There is a difference between using what are referred to as logical tags and tags that primarily affect visual layout.
If you use a <b> tag to make the text bold it does look bold.
If you use a <strong> tag to make the text bold it also looks bold in most browsers.
Stripped down to emphasize the important tags, the code for the two sentences above looks like this, with the significant tags in bright green:
If you use a <b><b></b> tag to make the text <b>bold</b> it does look <b>bold</b>.
If you use a <strong><strong></strong> tag to make the text <strong>bold</strong> it also looks<strong>bold</strong> in most browsers.
Similarly, if you use the <i> tag to make text italic, it does look italic. And if you use the <em> tag to make text italic, it does look italic in most browsers.
So why use <strong> instead of <b> to get the same effect when it takes longer to type? Why use <em> instead of <i>when they usually look the same?
The <strong> and <em> tags are “logical” tags. This means that they are used deliberately when the designer wants to add emphasis to particular words or phrases. Some screen readers may use a different inflection when they come across these tags to communicate the emphasis. The <b> and <i> tags are primarily for visual effect on a page when designing layout.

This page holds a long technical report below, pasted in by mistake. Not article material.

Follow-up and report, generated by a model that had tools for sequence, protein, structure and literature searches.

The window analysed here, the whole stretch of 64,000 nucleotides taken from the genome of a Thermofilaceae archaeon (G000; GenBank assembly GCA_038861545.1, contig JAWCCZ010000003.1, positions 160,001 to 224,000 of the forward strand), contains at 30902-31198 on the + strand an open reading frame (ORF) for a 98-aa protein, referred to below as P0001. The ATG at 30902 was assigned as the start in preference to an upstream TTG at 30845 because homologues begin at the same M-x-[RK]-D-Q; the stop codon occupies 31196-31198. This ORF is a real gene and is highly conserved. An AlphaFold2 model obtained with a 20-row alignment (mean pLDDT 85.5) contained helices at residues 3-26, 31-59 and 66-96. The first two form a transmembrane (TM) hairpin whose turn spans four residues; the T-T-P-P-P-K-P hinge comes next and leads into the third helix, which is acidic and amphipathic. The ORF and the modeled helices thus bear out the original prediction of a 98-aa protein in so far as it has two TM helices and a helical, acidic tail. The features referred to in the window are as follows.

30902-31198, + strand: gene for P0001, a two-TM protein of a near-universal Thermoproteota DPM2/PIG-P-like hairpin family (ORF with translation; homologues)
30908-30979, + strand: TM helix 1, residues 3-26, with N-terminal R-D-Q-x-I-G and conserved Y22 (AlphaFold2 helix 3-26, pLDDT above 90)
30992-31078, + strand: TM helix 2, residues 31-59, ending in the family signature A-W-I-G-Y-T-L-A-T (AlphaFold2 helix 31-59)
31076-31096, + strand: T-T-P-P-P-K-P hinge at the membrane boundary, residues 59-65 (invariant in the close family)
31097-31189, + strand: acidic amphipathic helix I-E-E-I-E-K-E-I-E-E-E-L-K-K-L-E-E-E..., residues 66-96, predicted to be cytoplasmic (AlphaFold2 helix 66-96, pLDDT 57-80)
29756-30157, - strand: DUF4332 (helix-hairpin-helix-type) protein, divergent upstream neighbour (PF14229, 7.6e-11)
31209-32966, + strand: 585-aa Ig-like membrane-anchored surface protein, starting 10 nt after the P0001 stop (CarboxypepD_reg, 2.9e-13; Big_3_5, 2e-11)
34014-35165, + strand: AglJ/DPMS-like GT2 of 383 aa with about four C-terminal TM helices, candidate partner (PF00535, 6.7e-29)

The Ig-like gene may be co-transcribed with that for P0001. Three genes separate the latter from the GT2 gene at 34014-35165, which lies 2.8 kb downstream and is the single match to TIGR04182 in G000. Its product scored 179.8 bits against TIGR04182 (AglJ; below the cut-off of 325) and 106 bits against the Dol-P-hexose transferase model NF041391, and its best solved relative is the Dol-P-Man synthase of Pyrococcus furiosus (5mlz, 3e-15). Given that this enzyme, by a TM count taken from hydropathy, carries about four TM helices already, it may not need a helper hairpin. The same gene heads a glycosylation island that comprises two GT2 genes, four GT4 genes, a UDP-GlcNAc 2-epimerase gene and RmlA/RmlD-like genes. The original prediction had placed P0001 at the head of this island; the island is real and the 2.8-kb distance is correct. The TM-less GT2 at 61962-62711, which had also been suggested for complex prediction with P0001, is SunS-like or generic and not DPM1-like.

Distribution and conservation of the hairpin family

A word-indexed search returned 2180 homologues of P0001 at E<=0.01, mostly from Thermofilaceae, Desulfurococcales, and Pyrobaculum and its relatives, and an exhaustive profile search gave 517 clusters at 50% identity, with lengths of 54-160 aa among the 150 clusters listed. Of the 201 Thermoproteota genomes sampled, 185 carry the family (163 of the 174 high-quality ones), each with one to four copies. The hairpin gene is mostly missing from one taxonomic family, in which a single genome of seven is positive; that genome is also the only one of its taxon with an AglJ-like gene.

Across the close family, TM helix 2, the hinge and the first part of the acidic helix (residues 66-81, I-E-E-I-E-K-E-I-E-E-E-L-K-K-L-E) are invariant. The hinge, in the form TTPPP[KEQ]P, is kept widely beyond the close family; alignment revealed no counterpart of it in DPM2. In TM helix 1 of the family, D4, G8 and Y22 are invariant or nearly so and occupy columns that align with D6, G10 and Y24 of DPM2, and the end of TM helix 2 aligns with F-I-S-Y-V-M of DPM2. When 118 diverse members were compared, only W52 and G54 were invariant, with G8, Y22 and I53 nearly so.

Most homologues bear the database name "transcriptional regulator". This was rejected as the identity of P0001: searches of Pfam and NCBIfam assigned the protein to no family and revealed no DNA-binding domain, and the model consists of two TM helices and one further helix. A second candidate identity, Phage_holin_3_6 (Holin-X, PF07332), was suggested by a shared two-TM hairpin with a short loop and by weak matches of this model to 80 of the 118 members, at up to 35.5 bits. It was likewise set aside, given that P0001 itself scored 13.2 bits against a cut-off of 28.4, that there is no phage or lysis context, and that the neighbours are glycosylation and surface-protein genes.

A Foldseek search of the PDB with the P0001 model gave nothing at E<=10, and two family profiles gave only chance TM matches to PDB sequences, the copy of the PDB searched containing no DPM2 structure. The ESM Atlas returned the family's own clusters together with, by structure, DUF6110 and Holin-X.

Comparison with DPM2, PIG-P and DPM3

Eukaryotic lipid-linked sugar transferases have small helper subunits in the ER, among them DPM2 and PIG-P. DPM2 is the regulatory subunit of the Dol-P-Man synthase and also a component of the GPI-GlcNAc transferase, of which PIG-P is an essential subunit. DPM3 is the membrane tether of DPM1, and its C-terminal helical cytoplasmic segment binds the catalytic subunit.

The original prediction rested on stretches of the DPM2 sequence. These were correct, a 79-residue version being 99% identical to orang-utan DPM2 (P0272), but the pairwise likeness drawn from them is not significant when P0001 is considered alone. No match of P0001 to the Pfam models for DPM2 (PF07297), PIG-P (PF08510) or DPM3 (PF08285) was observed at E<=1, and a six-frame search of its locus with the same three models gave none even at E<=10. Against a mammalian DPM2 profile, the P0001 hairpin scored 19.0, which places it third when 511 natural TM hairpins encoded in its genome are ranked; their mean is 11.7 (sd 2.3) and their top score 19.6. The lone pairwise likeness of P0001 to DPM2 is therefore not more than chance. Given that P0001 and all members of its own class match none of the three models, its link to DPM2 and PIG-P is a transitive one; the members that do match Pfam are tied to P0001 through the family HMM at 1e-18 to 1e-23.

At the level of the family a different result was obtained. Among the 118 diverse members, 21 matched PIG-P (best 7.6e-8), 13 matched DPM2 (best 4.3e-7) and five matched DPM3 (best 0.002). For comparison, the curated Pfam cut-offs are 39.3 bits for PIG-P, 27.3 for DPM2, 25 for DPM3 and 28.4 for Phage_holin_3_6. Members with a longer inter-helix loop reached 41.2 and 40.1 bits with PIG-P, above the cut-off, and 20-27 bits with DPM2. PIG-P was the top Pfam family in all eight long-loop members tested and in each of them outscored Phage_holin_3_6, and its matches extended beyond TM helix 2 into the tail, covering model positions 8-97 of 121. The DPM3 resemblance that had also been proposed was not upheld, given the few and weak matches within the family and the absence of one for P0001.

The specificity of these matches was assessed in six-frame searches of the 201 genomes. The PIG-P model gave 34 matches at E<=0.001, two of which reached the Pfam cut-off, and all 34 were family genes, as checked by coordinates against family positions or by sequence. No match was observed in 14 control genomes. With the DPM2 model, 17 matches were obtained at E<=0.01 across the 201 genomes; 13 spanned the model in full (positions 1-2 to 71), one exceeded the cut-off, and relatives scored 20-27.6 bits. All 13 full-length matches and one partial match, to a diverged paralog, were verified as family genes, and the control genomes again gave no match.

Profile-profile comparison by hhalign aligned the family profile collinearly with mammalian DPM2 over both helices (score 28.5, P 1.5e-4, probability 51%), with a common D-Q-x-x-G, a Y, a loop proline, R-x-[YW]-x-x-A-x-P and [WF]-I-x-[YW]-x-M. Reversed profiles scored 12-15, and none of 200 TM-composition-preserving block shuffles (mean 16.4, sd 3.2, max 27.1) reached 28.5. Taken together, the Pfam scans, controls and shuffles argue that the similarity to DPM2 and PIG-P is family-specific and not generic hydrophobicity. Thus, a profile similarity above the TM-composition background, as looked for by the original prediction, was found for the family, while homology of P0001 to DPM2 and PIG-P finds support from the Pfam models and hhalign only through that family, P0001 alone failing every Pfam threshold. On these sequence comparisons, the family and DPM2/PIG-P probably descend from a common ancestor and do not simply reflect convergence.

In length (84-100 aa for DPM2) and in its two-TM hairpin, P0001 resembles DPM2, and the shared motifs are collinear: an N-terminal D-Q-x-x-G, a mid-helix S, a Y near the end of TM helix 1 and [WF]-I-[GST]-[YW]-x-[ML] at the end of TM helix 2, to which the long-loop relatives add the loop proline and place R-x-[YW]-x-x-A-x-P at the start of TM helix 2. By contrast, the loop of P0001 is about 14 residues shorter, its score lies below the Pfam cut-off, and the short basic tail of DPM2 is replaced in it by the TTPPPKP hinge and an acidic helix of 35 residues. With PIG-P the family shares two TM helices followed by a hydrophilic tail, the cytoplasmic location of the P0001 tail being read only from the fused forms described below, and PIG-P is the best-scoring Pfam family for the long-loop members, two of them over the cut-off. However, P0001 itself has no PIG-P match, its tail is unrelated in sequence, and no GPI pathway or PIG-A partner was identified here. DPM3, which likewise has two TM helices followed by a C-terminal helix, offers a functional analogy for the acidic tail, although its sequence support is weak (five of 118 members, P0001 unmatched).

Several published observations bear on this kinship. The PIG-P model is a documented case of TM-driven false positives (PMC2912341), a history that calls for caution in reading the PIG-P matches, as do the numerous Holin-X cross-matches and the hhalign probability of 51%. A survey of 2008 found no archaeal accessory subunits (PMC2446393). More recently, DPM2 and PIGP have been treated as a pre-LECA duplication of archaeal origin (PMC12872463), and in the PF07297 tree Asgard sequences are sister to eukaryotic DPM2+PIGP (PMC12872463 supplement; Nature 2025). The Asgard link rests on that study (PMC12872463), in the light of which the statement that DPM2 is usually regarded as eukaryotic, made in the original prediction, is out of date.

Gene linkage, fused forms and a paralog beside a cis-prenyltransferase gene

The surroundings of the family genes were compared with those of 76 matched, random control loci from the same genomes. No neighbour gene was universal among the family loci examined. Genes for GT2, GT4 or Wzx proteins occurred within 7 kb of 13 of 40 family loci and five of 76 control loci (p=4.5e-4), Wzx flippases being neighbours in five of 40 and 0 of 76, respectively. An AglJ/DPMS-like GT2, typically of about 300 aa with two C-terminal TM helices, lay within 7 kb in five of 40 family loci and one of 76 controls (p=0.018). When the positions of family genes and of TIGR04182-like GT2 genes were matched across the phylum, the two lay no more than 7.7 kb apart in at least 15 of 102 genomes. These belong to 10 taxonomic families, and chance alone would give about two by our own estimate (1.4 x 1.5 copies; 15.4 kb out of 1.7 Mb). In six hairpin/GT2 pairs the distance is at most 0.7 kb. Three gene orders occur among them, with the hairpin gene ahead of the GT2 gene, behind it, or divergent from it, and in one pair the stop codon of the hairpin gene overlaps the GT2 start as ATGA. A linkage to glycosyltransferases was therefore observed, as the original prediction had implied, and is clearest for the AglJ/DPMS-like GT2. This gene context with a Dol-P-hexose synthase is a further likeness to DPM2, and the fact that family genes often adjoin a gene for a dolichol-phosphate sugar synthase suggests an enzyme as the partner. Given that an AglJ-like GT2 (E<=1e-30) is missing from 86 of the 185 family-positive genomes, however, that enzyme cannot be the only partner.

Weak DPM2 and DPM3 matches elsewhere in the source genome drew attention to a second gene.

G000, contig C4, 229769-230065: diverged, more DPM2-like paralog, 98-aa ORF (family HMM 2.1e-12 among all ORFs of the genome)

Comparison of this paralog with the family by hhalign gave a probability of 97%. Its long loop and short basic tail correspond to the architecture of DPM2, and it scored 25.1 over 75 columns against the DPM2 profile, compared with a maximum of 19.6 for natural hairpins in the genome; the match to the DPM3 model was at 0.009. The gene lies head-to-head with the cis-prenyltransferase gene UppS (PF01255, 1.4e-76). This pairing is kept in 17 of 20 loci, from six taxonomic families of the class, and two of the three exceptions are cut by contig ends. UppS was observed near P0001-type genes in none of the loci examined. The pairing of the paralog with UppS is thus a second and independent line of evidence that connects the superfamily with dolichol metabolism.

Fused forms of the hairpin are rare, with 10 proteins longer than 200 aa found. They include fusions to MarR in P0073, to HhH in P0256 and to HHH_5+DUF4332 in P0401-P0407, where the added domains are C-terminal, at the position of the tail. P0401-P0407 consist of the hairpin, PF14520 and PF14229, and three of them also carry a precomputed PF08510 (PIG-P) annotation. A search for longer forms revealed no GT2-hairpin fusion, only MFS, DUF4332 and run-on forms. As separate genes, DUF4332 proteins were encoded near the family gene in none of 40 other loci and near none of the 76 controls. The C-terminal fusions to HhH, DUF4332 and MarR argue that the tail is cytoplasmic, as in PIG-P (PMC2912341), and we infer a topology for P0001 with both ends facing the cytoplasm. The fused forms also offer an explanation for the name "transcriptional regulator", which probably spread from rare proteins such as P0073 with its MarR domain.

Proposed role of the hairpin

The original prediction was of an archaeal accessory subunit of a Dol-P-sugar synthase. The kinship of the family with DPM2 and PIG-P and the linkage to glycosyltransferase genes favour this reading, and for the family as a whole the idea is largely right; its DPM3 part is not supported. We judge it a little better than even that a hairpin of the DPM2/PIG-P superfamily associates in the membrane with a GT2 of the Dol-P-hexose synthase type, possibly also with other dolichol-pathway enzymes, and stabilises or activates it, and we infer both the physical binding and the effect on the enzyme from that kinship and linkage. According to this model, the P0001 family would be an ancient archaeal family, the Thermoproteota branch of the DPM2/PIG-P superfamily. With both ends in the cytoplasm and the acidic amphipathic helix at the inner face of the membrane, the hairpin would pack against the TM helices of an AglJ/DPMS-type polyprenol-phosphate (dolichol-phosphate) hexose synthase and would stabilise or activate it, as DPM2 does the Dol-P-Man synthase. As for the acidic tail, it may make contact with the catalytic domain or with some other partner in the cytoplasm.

You can also use the <cite> tag at the beginning and end of a phrase. This is appropriate when citing a source without linking to it. Do not use it simply to make something look italic. Not all browsers render this material in italic text. It is more useful for browsers that are logically looking through your document to index references.<cite> Raggett on HTML 4, page 71</cite>
Use the <strong> and <em> tags when the content of your page requires that certain words or phrases be stressed. Use them sparingly or your page, much as you would use exclamation points ( ! ! ! ). If you are only highlighting words for a visual effect to assist in navigation use the <b> and <i> tags.